Let's turn to slide number 21 and I will just quickly cover sales. As I mentioned,sales were up about $330 million. And as you can see with the exception of the impact of the sale of Wabash, all of the other factors were positive. Stronger wheel volumes across all of our product segments drove the increase in volume of $92 million. The continuing weakness of the U.S. dollar has resulted in higher revenues of about $138 million as we translate those foreign sales back into U.S. dollars. And the metal pass-through increased our sales by $68 million. And just to comment on that as we have discussed in prior earnings calls, all of our aluminum contracts essentially are automatic pass-through. So as the price of aluminum varies, so does our sales. For steel some of which we have on pass-through by contract, most of which we negotiate and we have been very successful in achieving significant recovery there. So that really hasn't been an issue for us in the last couple of years and we don't expect it to be an issue for us in 2008.

So if you want to turn to page 22, you will see as I mentioned, that core operating earnings essentially doubled versus the prior year. You will find in the appendix the definition and reconciliation of our core operating earnings here back to the GAAP earnings from operations and that represents really the impairments, restructuring charges and other items, as I mentioned that are one-off, unusual in nature and they are largely non-cash.

As shown on the chart above, you can see gross profit there of $50 million, better than 2007. Volume and mix net of price concessions contributed about $9 million to the year-over-year increase. Productivity as well as decreased U.S. pension and OPEB costs, and the sale of our Wabash, Indiana powertrain facility, which was experiencing some losses, offset the global increases in fuel and utility costs. So we had a gain there net of all of our costs.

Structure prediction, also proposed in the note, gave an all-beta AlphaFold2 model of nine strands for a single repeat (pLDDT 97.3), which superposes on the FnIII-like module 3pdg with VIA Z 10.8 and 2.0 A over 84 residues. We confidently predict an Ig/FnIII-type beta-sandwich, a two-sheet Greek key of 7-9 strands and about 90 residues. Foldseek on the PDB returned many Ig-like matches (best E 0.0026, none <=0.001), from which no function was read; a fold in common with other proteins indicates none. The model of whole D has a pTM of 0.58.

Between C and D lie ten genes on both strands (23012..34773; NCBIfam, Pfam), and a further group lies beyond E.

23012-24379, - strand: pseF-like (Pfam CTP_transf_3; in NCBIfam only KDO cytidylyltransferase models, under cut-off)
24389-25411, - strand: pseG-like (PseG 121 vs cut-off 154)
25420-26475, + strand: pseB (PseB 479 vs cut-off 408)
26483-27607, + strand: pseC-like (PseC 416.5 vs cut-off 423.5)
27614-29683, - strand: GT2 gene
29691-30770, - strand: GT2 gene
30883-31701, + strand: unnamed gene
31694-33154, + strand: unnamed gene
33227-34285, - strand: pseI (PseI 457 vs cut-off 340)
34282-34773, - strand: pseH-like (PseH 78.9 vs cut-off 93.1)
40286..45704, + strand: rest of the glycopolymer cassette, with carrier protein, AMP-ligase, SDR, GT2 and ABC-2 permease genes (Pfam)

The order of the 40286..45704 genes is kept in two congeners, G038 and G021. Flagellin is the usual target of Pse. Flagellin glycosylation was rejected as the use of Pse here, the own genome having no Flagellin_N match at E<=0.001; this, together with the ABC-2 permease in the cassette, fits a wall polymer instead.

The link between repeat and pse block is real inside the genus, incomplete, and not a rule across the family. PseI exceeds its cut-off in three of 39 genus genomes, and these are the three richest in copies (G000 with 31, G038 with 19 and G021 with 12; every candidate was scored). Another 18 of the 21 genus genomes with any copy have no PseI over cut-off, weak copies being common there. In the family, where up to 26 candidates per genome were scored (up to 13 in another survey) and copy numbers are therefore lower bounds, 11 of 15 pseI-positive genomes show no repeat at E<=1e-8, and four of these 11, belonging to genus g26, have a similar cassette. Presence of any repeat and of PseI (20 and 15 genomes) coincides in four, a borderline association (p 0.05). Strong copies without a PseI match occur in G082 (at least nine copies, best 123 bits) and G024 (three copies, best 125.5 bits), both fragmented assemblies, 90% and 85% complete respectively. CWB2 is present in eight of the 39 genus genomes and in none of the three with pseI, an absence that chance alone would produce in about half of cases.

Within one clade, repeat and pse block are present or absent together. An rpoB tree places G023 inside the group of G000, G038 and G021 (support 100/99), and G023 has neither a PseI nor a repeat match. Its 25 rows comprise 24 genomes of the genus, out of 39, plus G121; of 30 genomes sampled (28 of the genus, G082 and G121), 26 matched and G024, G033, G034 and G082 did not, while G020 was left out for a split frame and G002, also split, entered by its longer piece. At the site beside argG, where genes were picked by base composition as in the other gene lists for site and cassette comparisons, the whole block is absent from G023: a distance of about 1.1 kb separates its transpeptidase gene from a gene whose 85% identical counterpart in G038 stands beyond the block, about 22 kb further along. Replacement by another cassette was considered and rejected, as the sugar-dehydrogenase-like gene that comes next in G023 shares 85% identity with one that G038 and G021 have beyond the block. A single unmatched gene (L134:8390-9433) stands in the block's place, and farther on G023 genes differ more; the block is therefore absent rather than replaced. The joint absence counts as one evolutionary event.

Lower depreciation and foreign exchange were also favorable factors in gross profit. MG&A and R&D costs increased by about $16 million and you can see that was due primarily 50/50 to higher exchange rates, where the bulk of our costs are overseas, as well as increases in our short and long-term incentive programs due to the very strong 2007 results.

If you turn to slide number 23, this slide summarizes our free cash flow for 2007. And as I mentioned earlier that excluding free AR programs was $38 million, up $67 million from the prior year. Cash from operations generated that increase, $107 million and was primarily due to the higher increase in EBITDA, as well as improved working capital of about $74 million.

The working capital improvement was the result of the very hard work of our operations to improve payment terms, collect receivables, and reduce inventories. We did benefit from significant year-end actions and the timing of capital expenditure payments that would be difficult to repeat. So I do caution you not to assume we can achieve this again in 2008. We will give you guidance on 2008 later on in the presentation.

Capital expenditures were an offset to that, an increase of $32 million, primarily to support our capacity expansions in the growing regions. And as I think we mentioned in the last earnings call we actually pulled some of those expenditures ahead into the third and fourth quarter of last year, because we are experiencing some severe capacity shortages in some of our growing markets, so that was the major reason why those numbers were up.